After this initial breakthrough, a lot of picture-drawing and acting out, I learned from Antonio the Spanish words for monkey, snake, cow, brother, and sister. I discovered that he was ten years old, just like my brother, and that he lived on a farm with cows, chickens, ducks, and dogs. He lived with his mother, father, and three brothers, both older and younger. He was surprised when I told him that I didn’t have cows at my house.
I left the school that day with dirt on my hands, sweat on my forehead and a new perspective in my mind. And in fact, I learned more from the students, especially Antonio, than I had taught to them. I learned that day that communication comes in many different forms; words are simply an easier mode of communication. I thought that the only way to communicate was to talk to people, and that while it was fun to play charades or Pictionary, gestures and pictures typically proved ineffective at communicating. But this day at the school, I was proven wrong.
Language used to be a barrier; something that prevented me from entering the lives of another culture. If I could not speak their language, I could not communicate with them. They would be speaking in a code that I could not crack. But now I have learned that communication manifests itself in different ways, through not only words but pictures, gestures, laughing, and smiling.
I had a breakthrough that day. And I know it has changed me because I can understand the way people communicate even better. We might not think we use anything but words when we communicate, but in America, we communicate in ways we didn’t think we could. The way we shift our weight to one foot can say more about our mood than simply saying what we feel. The way we can express words through motions and acting says as much as the words themselves. The way the skin by our eyes creases and folds when we smile can say everything about what we feel without uttering a word.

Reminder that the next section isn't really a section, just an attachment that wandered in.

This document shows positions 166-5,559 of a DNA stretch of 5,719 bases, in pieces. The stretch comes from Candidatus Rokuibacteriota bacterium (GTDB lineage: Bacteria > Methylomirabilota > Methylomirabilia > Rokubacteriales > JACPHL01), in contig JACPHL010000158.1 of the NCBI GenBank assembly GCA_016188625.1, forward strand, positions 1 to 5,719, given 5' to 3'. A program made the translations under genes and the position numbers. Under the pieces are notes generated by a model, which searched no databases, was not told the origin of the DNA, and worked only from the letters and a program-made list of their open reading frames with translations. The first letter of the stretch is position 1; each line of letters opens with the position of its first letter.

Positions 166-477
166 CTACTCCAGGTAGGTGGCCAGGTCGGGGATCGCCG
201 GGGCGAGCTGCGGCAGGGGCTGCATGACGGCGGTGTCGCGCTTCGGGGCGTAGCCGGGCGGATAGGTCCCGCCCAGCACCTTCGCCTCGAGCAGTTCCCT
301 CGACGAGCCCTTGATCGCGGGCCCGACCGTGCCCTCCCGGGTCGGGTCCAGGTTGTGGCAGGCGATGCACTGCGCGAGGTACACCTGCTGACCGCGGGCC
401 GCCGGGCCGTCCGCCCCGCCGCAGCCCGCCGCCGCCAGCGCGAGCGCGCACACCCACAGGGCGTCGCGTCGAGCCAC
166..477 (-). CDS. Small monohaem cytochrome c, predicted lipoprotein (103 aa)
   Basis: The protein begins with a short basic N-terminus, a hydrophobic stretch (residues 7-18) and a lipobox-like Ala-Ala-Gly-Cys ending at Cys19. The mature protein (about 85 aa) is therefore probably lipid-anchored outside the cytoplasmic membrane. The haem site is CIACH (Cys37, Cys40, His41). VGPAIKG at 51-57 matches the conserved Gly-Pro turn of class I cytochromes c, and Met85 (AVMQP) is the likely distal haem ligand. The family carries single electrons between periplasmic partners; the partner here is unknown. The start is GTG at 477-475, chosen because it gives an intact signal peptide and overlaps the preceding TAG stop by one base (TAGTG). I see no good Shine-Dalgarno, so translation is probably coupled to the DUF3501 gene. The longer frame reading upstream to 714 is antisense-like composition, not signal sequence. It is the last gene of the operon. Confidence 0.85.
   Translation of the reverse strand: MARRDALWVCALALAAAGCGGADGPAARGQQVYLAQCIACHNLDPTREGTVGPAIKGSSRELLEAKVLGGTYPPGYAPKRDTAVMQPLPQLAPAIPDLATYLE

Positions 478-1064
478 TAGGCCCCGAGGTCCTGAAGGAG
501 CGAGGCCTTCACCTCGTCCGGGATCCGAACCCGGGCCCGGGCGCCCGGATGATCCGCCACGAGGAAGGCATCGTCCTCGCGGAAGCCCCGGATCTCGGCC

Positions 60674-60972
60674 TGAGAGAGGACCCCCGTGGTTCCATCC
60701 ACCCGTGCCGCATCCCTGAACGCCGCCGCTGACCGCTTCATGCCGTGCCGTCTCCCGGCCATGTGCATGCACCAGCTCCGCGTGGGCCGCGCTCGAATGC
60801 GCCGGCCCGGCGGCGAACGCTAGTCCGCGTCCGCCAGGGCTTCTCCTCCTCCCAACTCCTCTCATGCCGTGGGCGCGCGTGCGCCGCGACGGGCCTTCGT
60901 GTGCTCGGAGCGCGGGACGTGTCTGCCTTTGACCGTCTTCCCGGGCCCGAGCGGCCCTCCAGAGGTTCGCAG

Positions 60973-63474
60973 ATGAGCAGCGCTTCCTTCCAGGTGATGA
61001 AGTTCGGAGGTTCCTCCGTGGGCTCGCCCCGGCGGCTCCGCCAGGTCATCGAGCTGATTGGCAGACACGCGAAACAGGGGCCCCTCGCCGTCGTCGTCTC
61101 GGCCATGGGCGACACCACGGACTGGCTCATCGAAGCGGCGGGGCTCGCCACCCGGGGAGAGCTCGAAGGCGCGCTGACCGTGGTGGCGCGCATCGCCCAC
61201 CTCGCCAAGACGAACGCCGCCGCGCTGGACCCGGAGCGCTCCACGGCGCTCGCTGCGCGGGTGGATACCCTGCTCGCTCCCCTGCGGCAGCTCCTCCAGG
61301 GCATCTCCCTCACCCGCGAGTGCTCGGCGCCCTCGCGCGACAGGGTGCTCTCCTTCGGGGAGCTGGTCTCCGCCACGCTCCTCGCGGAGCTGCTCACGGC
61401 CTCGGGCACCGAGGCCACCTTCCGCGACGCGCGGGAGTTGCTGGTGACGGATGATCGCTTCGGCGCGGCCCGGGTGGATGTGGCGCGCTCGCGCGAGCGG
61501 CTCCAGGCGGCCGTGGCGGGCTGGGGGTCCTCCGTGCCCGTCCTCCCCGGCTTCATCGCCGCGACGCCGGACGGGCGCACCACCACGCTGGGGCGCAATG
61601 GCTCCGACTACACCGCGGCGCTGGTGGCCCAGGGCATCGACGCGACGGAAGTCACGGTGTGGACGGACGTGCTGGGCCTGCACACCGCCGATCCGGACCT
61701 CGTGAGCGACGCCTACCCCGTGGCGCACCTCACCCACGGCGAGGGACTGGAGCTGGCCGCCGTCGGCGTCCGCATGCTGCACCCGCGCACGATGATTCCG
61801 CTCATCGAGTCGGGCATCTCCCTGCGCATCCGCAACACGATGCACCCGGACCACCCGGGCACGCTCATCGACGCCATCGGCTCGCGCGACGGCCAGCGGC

These simple nuances in human tendencies are etched into our minds like pictographs engraved into a cuneiform tablet. We all might carry different dictionaries in our minds, but we all have the capability to communicate without words. Words stitch cultures together, but nonverbal communication stitches humanity together.
We boarded the bus back to our house. All of the schoolchildren surrounded the bus, waving and smiling, waiting for us to come back next week. I couldn’t help but smile the whole way back.

Dear Spanish speakers, sorry for the lack of accents on a few words. They are added in the new version. And dear college admissions directors, please read this one instead.